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The first passengers to join United Airlines’ free coronavirus testing pilot program will depart Newark, New Jersey for London on Monday evening as airlines still affected by the COVID-19 pandemic attempt to do that to restore transatlantic travel.
United Flight 14 takes off from Newark Liberty International Airport and is expected to land at Heathrow Airport in London around 6:55 a.m. local time on Tuesday.
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UNITED TO PROVIDE FREE CORONAVIRUS TESTS FOR SOME LONDON-RELATED TRAVELERS
United’s program kicks off just a month after reports surfaced that U.S. officials are considering opening trips between New York City and London with reduced quarantine times for travelers while on vacation.
As part of its efforts to revitalize the ailing industry, the airline is offering rapid tests to every crew member and passenger over two years on select Newark to Heathrow flights through December 11th.
Passengers traveling on Flight 14, which departs Mondays, Wednesdays and Fridays at 7.15 p.m. CET, will receive the rapid tests that are carried out by Premise Health before departure.
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Passengers who do not wish to be tested will be put on an alternate flight to ensure that everyone – except children under 2 – tested negative before departure, the airline said earlier.
A United Airlines pilot wears a face mask as he walks to a gate at George Bush Intercontinental Airport in Houston on Sunday, May 24, 2020. (AP Photo / David J. Phillip)
United’s chief customer officer, Toby Enqvist, said that same day that test protocol will play a “critical role” in reopening travel around the world and in “navigating quarantines and travel restrictions.”
Enquivst said these tests will be especially important for international destinations like London. Prior to the pandemic, United said it operated six daily flights between the New York and London area.
United, like Delta and American, relies on business and international travelers for much of its revenue.
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Scott Kirby, United CEO, previously noted that business travel is the company’s “bread and butter”.
Monday’s flight marks the first major effort to bypass international quarantine restrictions as the industry tries to weather the pandemic.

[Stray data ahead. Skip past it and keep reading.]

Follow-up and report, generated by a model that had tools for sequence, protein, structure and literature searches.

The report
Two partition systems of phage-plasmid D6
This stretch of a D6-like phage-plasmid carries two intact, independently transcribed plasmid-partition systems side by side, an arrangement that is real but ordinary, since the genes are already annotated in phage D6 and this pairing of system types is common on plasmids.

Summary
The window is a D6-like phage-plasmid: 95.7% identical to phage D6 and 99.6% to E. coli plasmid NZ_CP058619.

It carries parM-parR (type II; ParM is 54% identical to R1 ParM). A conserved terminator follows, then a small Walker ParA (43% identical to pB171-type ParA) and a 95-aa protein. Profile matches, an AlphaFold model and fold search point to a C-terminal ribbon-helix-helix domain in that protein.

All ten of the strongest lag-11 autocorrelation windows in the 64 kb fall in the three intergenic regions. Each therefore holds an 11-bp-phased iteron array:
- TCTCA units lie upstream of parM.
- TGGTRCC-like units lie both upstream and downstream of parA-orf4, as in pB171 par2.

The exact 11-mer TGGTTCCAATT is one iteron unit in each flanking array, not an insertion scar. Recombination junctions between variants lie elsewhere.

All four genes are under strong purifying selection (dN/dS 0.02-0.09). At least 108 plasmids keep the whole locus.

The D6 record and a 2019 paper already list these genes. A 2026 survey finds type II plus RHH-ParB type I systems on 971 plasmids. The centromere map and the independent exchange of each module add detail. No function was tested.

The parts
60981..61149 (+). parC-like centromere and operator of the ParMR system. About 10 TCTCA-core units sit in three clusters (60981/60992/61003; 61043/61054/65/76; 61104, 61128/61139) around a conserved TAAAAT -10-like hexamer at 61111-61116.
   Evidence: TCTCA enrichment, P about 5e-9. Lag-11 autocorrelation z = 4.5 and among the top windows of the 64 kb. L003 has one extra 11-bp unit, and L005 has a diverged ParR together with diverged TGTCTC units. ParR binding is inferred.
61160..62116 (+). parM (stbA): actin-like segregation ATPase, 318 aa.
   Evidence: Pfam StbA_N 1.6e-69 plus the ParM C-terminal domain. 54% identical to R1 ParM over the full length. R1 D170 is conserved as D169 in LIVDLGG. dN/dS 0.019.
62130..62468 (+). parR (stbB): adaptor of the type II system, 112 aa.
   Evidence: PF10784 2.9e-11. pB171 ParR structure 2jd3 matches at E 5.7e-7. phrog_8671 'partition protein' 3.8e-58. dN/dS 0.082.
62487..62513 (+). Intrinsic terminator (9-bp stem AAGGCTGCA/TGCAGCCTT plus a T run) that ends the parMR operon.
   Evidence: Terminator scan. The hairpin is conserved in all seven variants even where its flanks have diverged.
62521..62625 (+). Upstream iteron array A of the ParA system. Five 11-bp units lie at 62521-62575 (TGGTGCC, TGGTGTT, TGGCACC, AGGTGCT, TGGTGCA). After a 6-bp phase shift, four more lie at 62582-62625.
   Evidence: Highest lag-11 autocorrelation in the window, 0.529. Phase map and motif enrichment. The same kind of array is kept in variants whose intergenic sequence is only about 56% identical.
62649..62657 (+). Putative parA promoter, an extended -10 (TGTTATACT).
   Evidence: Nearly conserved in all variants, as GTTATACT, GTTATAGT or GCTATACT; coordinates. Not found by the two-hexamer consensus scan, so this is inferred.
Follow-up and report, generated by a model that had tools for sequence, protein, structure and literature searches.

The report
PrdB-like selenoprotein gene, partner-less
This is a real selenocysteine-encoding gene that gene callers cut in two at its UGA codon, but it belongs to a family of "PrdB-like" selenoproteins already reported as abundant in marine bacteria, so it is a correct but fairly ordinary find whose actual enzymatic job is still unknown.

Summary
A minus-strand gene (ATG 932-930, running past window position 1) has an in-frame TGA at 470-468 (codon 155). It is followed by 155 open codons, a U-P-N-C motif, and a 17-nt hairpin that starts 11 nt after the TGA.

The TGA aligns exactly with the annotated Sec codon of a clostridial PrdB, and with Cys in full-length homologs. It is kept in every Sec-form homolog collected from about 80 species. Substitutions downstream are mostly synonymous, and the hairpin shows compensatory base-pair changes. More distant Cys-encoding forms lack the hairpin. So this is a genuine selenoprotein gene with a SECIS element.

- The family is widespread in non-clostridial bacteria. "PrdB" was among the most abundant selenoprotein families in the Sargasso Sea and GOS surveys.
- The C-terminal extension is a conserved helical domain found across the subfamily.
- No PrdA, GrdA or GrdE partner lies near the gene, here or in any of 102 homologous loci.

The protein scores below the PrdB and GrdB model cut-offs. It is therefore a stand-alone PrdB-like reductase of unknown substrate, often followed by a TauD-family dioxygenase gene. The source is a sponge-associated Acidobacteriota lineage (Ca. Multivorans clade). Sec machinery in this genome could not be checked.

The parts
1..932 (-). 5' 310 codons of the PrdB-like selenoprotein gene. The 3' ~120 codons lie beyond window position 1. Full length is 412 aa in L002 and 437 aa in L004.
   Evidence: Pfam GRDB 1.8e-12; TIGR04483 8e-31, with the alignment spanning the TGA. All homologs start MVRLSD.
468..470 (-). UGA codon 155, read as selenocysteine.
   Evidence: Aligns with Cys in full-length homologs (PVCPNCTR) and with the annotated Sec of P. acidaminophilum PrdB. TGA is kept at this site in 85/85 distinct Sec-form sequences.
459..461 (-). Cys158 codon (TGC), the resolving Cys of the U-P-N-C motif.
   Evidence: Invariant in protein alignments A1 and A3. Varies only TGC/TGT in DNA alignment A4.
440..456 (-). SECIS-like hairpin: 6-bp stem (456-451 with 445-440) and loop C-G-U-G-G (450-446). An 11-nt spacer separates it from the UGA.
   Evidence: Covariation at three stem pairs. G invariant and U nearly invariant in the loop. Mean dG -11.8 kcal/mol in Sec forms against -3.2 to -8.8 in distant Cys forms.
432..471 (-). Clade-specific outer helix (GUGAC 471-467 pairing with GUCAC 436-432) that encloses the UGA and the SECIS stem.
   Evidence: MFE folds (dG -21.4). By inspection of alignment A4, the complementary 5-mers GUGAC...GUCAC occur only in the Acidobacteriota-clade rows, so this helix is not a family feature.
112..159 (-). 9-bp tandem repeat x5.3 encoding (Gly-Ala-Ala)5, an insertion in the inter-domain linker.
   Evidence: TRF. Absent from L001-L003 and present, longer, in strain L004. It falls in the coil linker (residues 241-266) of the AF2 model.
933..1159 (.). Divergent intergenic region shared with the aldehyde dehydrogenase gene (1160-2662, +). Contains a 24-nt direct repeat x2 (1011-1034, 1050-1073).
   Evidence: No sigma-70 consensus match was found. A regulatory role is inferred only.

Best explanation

However, just a month earlier, the airline was also one of the first to announce optional pre-flight COVID-19 testing for customers traveling from California to Hawaii.
United and Hawaiian Airlines have started pre-boarding testing of certain passengers to help them manage quarantine mandates – and in certain cases avoid quarantine times altogether – in an effort to increase passenger demand.
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For the first 10 days of the United program, October 15-25, flights from San Francisco to Hawaii saw passengers increase by nearly 95% compared to the previous two-week period, United said.
“These positive trends show strong and pent-up demand for travel, customer willingness to use pre-flight COVID-19 tests, and the importance of these programs as a means of opening borders,” United said in a statement last month .
However, the airline faces many obstacles as it continues to recover.
Chicago-based United began taking 13,000 workers off leave on October 1, and several thousand other employees were taking severance packages to leave voluntarily.
The airline has cut flights more aggressively than some of its closest competitors to balance costs with dramatically lower ticket sales. And United is borrowing billions of dollars from the federal government and private lenders to help weather the pandemic. The airline ended September with $ 19.4 billion in cash.
While a full recovery in travel may not take place for a few years, Kirby is confident that United will “make a decade of headway during the pandemic” and emerge as the world’s leading business class airline when the dust settles .
Lucas Manfredi of FOX Business and The Associated Press contributed to this report.
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